We have arrived in Mobile Bay Alabama. The best way to describe transiting from the rivers to the Port of Mobile is culture shock.
We have spent the last few weeks traveling in remote areas of Alabama, traveling miles on the Tennessee River, without a sign of civilization. From time to time we would pass a fishing boat or a commercial tow, otherwise just tree lined shores as we weaved our way south. Mother nature has done an excellent job over time of creating a snake on The lower Tennessee River. On the chart below we traveled about seven miles, as the crow flys about one mile.
All of sudden our AIS vessel target alert is repeatedly going off. We silence one target after another. After coming around another bend in the Tennessee River it opens up into the port of Mobile. Ocean going ships, tugs, Tows and Barges are everywhere and we find ourselves at yet another game level (see earlier post). This level is called “Stay out of the way”.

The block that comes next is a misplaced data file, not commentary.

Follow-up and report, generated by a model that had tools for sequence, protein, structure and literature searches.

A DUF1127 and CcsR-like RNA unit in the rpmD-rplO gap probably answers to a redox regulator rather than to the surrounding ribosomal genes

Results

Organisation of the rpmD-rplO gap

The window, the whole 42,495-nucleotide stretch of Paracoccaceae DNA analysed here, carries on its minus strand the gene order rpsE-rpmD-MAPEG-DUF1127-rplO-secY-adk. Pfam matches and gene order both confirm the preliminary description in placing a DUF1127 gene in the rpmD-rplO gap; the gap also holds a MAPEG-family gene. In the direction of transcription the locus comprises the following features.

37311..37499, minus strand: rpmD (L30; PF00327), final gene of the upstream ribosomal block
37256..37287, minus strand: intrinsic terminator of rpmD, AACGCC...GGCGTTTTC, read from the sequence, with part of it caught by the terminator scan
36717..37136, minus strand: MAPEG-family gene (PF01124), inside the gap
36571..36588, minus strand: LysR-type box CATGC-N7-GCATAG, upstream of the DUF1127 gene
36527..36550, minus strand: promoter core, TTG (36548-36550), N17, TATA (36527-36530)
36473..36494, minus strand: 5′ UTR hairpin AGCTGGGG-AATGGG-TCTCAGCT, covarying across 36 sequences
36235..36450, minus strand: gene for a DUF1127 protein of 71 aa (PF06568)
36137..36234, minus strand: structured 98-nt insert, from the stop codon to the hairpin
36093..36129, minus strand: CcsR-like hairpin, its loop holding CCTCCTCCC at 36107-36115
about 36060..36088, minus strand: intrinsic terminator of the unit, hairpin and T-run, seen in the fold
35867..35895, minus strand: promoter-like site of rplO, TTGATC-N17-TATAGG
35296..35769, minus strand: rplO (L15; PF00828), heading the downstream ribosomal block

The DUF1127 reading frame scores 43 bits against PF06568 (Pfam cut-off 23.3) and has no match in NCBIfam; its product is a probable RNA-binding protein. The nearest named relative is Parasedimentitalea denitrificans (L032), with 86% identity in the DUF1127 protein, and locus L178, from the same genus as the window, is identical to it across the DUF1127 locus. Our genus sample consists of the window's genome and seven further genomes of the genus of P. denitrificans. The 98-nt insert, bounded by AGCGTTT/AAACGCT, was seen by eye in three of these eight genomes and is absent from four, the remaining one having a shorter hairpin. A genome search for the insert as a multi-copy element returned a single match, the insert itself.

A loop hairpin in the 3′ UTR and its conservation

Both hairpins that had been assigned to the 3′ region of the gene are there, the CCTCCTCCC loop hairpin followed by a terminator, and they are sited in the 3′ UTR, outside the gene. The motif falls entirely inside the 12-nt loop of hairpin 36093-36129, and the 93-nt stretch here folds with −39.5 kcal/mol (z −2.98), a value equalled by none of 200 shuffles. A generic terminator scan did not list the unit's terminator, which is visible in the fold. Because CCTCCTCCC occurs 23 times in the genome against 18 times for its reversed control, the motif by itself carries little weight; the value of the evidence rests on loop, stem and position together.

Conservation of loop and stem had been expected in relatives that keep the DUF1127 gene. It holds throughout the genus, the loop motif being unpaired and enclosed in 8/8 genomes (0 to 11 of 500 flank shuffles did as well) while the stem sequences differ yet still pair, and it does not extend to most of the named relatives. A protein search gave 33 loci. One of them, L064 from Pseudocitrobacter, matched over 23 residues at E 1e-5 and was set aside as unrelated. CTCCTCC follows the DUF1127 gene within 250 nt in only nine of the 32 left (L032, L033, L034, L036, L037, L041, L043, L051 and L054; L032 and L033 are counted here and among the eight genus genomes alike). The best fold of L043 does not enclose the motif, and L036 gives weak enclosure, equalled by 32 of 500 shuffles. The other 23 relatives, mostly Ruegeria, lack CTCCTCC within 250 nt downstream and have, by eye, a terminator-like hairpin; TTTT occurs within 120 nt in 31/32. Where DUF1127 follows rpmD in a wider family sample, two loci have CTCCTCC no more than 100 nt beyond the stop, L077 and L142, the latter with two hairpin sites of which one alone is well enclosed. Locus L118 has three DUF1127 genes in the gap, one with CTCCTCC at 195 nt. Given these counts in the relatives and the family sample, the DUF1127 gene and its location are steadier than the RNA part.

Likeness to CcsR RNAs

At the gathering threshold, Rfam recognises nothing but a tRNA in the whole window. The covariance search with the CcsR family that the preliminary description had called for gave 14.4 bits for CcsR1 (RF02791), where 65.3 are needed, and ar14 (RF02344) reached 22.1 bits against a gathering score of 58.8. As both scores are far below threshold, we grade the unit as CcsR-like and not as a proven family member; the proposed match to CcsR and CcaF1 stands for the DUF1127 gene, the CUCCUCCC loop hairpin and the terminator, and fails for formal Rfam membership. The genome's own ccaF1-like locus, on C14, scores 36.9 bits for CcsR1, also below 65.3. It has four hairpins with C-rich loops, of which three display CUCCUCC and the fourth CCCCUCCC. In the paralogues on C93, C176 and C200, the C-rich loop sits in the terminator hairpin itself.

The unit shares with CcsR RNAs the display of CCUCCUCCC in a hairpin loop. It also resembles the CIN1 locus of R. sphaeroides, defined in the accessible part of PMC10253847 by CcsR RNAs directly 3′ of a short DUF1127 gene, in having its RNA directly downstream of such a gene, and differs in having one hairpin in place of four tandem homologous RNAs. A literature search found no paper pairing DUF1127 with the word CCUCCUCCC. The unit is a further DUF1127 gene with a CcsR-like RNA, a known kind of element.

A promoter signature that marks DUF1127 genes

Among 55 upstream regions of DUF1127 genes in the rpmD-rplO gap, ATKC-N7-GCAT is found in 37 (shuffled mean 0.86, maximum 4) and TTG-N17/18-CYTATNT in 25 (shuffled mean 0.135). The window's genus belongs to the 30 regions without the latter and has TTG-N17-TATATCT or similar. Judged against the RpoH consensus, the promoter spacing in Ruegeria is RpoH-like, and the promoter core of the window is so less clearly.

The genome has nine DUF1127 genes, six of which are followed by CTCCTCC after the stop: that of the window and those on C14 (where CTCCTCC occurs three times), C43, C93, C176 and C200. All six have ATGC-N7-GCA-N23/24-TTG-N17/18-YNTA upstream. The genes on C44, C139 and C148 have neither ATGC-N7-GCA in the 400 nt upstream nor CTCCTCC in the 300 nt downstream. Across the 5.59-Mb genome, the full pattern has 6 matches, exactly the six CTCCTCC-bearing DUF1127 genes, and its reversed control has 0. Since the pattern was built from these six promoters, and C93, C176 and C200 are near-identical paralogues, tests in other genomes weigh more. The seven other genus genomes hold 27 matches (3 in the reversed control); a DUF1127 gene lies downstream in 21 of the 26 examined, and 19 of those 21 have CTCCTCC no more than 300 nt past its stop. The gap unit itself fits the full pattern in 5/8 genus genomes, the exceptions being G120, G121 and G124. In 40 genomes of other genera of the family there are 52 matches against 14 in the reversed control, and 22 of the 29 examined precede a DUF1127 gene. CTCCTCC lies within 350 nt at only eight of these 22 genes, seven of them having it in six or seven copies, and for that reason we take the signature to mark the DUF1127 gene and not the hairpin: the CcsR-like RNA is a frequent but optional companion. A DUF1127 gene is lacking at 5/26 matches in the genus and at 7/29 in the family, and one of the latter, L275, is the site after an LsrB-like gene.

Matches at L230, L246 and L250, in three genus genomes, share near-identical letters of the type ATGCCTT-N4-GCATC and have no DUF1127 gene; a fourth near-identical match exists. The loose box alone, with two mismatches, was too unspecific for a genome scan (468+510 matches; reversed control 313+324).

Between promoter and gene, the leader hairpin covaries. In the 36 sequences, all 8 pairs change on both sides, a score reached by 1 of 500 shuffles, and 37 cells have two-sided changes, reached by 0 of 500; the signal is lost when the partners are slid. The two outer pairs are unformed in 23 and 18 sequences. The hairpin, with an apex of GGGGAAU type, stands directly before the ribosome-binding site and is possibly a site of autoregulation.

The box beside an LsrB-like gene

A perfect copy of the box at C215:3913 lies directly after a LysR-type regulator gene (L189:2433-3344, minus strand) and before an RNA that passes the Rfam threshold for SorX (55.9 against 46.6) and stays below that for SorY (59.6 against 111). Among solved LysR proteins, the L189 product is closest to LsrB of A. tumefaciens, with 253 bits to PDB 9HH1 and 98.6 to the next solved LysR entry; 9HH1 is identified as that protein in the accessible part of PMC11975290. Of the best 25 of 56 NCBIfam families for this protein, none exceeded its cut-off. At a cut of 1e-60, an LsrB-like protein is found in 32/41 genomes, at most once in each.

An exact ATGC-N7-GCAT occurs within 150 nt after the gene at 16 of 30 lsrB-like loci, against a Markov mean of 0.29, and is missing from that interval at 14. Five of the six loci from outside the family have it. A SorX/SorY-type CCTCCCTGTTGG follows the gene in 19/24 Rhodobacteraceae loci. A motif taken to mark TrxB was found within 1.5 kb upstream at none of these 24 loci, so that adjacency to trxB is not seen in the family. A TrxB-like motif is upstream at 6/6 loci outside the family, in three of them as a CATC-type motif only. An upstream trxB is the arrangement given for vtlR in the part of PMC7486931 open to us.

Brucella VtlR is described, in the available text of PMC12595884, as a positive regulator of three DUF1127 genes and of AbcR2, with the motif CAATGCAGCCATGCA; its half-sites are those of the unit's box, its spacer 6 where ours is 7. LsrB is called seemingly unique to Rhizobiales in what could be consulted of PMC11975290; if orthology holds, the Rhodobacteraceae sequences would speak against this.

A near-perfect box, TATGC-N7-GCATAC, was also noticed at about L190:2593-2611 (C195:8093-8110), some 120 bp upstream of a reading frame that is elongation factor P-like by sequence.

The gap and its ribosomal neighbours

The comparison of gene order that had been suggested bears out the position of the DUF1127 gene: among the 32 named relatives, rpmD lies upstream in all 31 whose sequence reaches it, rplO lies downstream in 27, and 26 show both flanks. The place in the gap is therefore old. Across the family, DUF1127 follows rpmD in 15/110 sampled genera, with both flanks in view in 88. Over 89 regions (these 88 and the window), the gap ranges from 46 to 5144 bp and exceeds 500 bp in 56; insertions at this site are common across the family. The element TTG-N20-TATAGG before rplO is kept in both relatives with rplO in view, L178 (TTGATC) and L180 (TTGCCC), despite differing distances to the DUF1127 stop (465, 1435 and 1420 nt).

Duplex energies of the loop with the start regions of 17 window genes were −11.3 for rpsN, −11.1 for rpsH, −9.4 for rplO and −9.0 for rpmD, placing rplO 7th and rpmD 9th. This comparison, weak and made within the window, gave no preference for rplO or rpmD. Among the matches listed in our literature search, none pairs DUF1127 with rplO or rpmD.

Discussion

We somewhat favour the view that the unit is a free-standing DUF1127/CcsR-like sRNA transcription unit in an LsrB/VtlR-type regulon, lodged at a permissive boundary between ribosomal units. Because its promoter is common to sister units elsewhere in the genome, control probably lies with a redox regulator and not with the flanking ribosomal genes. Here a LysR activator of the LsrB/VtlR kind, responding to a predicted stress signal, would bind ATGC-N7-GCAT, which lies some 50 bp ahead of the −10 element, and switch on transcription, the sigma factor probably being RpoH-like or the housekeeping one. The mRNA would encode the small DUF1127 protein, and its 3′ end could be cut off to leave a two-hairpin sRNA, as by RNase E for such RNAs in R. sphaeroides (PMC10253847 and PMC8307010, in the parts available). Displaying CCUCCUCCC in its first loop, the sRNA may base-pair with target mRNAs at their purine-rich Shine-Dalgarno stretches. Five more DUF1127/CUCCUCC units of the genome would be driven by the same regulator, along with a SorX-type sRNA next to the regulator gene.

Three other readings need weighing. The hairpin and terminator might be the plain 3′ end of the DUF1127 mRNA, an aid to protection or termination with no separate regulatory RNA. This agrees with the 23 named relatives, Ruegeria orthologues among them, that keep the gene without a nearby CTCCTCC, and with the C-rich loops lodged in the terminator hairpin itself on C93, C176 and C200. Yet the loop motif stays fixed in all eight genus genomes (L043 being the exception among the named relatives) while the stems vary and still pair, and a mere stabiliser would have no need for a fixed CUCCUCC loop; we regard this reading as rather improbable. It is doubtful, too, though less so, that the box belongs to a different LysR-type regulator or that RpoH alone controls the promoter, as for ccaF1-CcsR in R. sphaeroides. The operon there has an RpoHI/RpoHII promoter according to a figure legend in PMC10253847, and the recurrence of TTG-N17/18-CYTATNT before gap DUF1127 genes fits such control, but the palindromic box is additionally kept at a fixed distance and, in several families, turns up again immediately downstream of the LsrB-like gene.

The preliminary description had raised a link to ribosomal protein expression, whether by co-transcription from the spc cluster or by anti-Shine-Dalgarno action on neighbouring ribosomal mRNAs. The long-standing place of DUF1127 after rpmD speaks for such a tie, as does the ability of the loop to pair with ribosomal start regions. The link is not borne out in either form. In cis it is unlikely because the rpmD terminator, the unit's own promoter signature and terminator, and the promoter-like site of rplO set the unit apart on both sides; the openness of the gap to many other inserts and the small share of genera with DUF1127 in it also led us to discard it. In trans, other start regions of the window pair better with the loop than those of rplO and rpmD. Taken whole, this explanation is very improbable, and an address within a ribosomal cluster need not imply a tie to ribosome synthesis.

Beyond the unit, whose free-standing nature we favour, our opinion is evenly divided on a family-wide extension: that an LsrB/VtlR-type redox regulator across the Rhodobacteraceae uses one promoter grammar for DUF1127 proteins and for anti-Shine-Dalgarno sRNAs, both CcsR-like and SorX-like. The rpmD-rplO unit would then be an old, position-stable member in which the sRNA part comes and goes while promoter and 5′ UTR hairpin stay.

I would have taken photos of the heavier traffic areas but Dorothy told me to put the phone down and focus on driving. It took both of us working as a team to navigate the port.
US Navy ships under construction. I felt like I was spying as I took the picture.
Past the Port of Mobile the waterway opens up into Mobile Bay. It is a very wide expanse of water although you can see both shores. The water depth varies from 3 feet to 10 feet except for the main ship channel. It feels a little odd to think the deep draft sailboats we race/cruise on Lake Michigan would run aground here. Storms can whip the shallow waters up very fast and can be deadly to boaters.
We pulled in to Turners Marina and tied up our lines. Time to CELEBRATE as Dorothy and I opened a bottle of Champagne we carried from Milwaukee. We toasted the end of the long river system and we where finally in the south.